By Dr. Adam McConnel
– The writer teaches Turkish history at Sabanci University in Istanbul. He holds an MA and PhD in history from the same university.


“… I venture recall views I have expressed Department that USSR not interested in revision Montreux Convention on merits but seeking make use Straits question in order destroy Turkish independence, establish ‘friendly’ regime Turkey, thereby closing one remaining gap in chain Soviet satellite states from Baltic to Black Sea. It strikes me maintenance Turkish independence has become vital interest US.”

— U.S. Ambassador to Turkey Edwin Wilson to U.S. Secretary of State James Byrnes, 12 August 1946

“But our military partnership with the SDF, never accepted by Turkey, over time seriously riled the Turks and seems to have caused them to see the YPG militia, the backbone of the SDF, together with the PYD political party, as an existential threat.”

— William V. Roebuck, U.S. deputy special envoy on Syria policy, November 2019

George Kennan’s “Long Telegram”. Clearly that’s what William V. Roebuck had in mind while he typed up his wrought, bleating missive to the State Department at the beginning of November. [1] But Roebuck, steeped in illusions, does not realize that his message reads like a Heart of Darkness written from Kurtz’s perspective.

Roebuck played his role as “the lone U.S. diplomat on the ground in northeastern Syria” watching over the U.S.’s “Montagnard army,” aka the PYD/PKK. The methods implemented were not only “unsound” but also illegal according to U.S. law because the PYD/PKK is designated “terrorist” by the U.S. government. Roebuck laments the end of his militants’ violent, proto-state fantasy, “the wastes of his weary brain haunted by shadowy images,” but ten divisions were not enough to end the U.S.’ “troubles” in Syria.

The U.S.’ “trained cadres” in northern Syria are in fact monsters, driven by a radical, violent ideology to wantonly kill not only Turkish security personnel and civilians, but any Syrian civilian — Arab, Kurd, or other — who does not accept their domination. The man those militants “worship like a god” is not Roebuck, but Abdullah Ocalan, a designated terrorist, and the founder of the PKK. They even have a contingent of Captain Colbys. The only detail missing from Roebuck’s wire, which unintentionally lays bare the U.S.’ gross misconduct in Syria and the ignorance of those directing that misconduct, is a whispered “the horror, the horror” to function as a conclusion.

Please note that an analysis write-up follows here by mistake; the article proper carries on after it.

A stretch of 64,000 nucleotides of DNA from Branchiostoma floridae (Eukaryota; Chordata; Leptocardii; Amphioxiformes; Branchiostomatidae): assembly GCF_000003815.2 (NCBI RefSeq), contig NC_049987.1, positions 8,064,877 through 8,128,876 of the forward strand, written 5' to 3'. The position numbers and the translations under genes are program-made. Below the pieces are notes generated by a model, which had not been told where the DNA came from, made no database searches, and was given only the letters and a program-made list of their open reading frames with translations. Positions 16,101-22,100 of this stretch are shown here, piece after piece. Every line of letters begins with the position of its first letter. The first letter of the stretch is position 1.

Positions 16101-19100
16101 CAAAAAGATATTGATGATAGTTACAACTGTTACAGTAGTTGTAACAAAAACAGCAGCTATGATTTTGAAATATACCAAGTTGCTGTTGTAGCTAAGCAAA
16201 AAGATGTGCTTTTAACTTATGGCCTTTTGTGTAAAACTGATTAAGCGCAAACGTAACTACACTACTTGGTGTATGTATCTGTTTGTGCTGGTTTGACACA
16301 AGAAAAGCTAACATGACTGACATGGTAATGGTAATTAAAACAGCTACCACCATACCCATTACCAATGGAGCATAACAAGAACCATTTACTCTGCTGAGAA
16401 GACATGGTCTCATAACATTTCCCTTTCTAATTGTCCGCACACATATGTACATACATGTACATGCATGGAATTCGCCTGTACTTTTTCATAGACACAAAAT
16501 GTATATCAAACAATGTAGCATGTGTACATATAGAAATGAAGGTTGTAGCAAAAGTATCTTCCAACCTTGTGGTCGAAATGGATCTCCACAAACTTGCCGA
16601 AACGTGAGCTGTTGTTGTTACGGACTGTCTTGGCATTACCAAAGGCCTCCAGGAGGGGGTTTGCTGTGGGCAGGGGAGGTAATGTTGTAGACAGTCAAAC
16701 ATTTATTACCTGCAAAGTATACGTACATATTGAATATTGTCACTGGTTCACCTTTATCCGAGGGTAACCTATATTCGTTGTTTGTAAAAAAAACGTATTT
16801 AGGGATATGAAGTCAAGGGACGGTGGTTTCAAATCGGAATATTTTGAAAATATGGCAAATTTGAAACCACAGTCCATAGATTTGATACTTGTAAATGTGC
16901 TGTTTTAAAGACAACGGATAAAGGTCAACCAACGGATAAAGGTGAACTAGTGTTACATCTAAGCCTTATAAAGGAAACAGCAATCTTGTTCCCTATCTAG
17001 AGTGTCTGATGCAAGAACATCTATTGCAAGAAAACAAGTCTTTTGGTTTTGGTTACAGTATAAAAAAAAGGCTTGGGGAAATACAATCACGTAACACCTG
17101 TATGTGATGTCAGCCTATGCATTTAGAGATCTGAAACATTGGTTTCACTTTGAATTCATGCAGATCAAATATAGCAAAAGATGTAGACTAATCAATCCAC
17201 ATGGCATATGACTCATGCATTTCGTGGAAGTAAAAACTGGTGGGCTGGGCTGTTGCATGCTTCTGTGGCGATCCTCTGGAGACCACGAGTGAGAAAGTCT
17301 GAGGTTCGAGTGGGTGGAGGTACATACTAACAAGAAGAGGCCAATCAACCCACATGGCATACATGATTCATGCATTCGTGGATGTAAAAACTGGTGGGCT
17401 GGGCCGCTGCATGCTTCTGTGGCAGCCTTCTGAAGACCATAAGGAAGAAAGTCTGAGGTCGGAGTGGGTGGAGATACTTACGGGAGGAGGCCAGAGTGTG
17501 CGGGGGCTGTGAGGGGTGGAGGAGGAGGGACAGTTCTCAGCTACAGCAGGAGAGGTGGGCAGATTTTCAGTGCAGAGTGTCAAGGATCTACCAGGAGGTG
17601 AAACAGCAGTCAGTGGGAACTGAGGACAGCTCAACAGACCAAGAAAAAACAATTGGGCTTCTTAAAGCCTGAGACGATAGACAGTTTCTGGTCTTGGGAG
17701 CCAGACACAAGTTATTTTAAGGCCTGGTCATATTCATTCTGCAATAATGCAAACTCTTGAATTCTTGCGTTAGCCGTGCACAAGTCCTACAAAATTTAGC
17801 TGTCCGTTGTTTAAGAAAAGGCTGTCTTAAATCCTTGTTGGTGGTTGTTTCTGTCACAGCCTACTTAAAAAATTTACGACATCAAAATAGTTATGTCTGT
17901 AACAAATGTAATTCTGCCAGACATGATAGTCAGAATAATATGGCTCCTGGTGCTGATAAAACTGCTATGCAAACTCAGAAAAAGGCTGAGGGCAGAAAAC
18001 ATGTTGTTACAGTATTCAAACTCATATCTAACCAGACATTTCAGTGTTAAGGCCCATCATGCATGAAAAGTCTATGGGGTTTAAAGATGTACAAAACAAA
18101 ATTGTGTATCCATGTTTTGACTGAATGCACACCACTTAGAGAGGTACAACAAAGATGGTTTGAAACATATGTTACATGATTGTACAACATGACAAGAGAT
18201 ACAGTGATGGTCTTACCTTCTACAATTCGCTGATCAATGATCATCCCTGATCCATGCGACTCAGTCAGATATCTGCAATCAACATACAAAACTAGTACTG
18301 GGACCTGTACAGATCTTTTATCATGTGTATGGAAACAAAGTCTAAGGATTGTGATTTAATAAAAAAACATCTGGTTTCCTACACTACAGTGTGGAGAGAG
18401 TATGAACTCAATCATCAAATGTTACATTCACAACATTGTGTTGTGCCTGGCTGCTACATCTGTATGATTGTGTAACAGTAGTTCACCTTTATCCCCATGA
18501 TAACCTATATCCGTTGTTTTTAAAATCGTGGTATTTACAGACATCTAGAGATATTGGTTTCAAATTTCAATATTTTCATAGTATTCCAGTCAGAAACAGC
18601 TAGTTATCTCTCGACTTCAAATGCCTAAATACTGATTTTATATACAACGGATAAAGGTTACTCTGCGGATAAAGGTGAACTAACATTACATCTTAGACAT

Nearly 75 years have passed since the events triggering the formation of the Turkish-American alliance transpired. In light of the current state of relations between the two governments, the American mistakes that have caused the impasse, and the ongoing wave of misinformed hatred aimed at Turkey by various groups and actors in U.S. politics and society, reviewing exactly what provided the relationship’s original basis seems appropriate.


The Turkish-U.S. alliance originally was a product of WWII. Beginning in early 1943, the Allies, but especially Britain under Prime Minister Winston Churchill, began a concerted effort to bring Turkey into active military operations. Churchill wanted Turkey’s involvement despite knowing that Turkey’s military was completely unprepared for WWII combat operations. Subsequently, throughout 1943, the Allies made promises to provide weapons and supplies to Turkey in return for its entry into the war, and Turkish President Ismet Inonu found ways to avoid committing to that step. In the end Turkey would not declare war against Germany until February 1945.

Meanwhile, early 1943 also saw Germany’s final defeat at Stalingrad, which began the USSR’s two-year effort to reconquer Eastern Europe from the Nazis. In the early months of 1944, as the war’s outcome became clear, Allied attention began to focus on the postwar order. Concurrently, Stalin began to perceive Turkish war neutrality as an opportunity to gain concessions through the USSR’s status as a victorious power. The first result was the Soviet note to the Turkish government in March 1945, stating that the Friendship Treaty between the two countries needed revision.